Frank McCourt is the author of Angela s Ashes and Tis. He was born in Brooklyn in 1930 to recent Irish immigrants Malachy McCourt and Angela Sheehan McCourt. His family moved to Limerick when he was four because of poor prospects in America. Frank McCourt was the oldest child in his family he had three younger brothers, Malachy, Alp hie, and Michael, and he had three younger siblings that died as babies, twins, Oliver and Eugene and a sister Margaret. He grew up poor and almost constantly sick. When he was ten he almost died of typhoid fever.
When he started working in his teens he saved a portion of his wages so he would be able to go to America. When he was nineteen he had saved enough money to take a boat to America. Upon arriving in America he settled in New York. although he left school at age fourteen he managed to talk his way into New York University.
After his graduation he taught in various New York City high schools. Angela s Ashes and Tis are based on Frank McCourt s life story. Angela s Ashes is about his childhood in Limerick, Ireland. Angela s Ashes ends when Frank McCourt is nineteen and he has earned enough money to take a boat to America.
Tis begins with Frank McCourt s arrival in New York. Tis is about Frank McCourt s adult life in America. Frank McCourt wrote Angela s Ashes as an adult looking back on his childhood miseries. Worse than the ordinary miserable childhood was the miserable Irish childhood, writes Frank McCourt, Worse yet is the miserable Irish Catholic childhood. Although he wrote Angela s Ashes as an adult and by the time he wrote it he knew how things really were, he wrote the book from the point of view of his childhood and how things appeared to a young and naive Frankie McCourt.
In Frank McCourt? s Angela? s Ashes the reasons for which Angela and her future husband left Ireland for New York were simple. Angela was sent to New York by her mother because she said Angela was worthless and there was plenty of room in America for useless people. As for Malachy, Angela? s future husband, he escaped to New York from Ireland because he had a price put on his head from fighting ...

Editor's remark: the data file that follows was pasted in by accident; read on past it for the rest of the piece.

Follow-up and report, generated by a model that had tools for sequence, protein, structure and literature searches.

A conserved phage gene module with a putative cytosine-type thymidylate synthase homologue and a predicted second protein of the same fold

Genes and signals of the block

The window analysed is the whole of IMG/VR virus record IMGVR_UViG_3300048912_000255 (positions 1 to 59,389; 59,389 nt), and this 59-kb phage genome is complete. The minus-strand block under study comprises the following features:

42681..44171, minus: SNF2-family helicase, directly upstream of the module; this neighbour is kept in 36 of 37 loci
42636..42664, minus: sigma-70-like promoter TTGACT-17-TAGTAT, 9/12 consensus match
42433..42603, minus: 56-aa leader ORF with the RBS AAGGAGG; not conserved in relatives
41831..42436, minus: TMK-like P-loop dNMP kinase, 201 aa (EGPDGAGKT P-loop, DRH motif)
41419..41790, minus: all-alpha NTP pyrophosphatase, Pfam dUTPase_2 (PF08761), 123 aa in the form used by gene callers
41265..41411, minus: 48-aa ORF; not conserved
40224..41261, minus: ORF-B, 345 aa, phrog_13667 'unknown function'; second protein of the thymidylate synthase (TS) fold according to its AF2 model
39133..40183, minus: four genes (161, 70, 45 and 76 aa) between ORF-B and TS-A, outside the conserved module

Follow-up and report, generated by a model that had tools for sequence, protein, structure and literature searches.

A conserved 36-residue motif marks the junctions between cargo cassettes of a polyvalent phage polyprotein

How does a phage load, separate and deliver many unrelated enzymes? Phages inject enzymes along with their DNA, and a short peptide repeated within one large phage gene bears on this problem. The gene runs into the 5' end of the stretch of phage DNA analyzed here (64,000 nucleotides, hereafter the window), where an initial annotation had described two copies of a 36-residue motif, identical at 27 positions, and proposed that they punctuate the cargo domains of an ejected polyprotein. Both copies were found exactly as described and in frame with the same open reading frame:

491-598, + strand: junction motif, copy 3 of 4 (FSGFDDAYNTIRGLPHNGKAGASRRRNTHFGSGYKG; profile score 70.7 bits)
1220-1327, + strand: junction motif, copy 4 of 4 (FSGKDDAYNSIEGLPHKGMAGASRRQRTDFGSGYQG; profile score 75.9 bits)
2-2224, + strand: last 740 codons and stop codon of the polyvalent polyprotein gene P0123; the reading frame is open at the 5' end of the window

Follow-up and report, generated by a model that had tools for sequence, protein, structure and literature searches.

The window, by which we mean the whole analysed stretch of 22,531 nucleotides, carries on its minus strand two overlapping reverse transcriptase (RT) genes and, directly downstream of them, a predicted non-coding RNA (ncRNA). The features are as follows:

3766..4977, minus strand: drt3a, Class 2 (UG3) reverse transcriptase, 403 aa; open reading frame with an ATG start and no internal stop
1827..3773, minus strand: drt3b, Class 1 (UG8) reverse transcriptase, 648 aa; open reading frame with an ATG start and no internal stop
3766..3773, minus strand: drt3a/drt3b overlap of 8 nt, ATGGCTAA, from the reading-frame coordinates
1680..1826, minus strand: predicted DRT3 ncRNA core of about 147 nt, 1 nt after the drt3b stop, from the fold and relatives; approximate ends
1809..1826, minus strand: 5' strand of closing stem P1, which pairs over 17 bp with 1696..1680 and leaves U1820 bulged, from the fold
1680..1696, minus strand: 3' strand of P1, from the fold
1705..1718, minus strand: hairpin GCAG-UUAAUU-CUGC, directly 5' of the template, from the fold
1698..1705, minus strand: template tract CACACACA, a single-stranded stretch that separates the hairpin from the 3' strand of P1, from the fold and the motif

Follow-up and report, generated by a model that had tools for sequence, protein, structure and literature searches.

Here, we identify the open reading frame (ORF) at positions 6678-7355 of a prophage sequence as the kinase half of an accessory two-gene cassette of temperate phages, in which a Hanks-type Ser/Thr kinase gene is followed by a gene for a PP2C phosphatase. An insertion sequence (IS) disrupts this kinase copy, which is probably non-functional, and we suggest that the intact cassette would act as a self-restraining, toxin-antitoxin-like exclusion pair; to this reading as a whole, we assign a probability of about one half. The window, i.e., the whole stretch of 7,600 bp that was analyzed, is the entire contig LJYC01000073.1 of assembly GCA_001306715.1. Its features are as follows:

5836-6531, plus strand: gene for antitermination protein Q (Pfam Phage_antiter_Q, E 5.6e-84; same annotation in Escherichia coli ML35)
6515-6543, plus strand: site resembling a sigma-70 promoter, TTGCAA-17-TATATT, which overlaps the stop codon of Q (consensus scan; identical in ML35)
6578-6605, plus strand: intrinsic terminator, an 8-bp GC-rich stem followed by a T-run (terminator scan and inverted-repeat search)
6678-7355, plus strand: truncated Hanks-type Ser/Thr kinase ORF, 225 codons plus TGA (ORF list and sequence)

Even though Frank McCourt knew many of his troubles were the caused by his father, a stereotypical unemployed drunken Irish man, he remembers fondly how when his father was sober he would tell stories and share his tea while Frankie would sit on his lap. Frank McCourt uses sarcasm in Angela s Ashes and Tis to add a twist of comedy to situations that would otherwise be miserable. By using sarcasm Frank McCourt is able to present how desperate his situation was without making it seem pathetically unhappy. The title Angela s Ashes refers to Frank McCourt s mother Angela Sheehan McCourt. In the book Angela s Ashes whenever Angela was overly stressed or angry she would sit by the fire and stare into the ashes. Angela s Ashes is about all of the miserable situations that affected the McCourt family.
In the title the ashes represent all of these miserable times for Frank McCourt and his family. The title Tis comes from the last few words of Angela s Ashes when Frank McCourt is talking to a fellow Irish passenger on the boat to America. The man says, Isn t this (America) a great country altogether? and Frank McCourt replies, Tis. The title Tis represents America and Frank McCourt s life in America. This is appropriate because Tis is about Frank McCourt s triumph over a poor childhood in Ireland and his ability to make.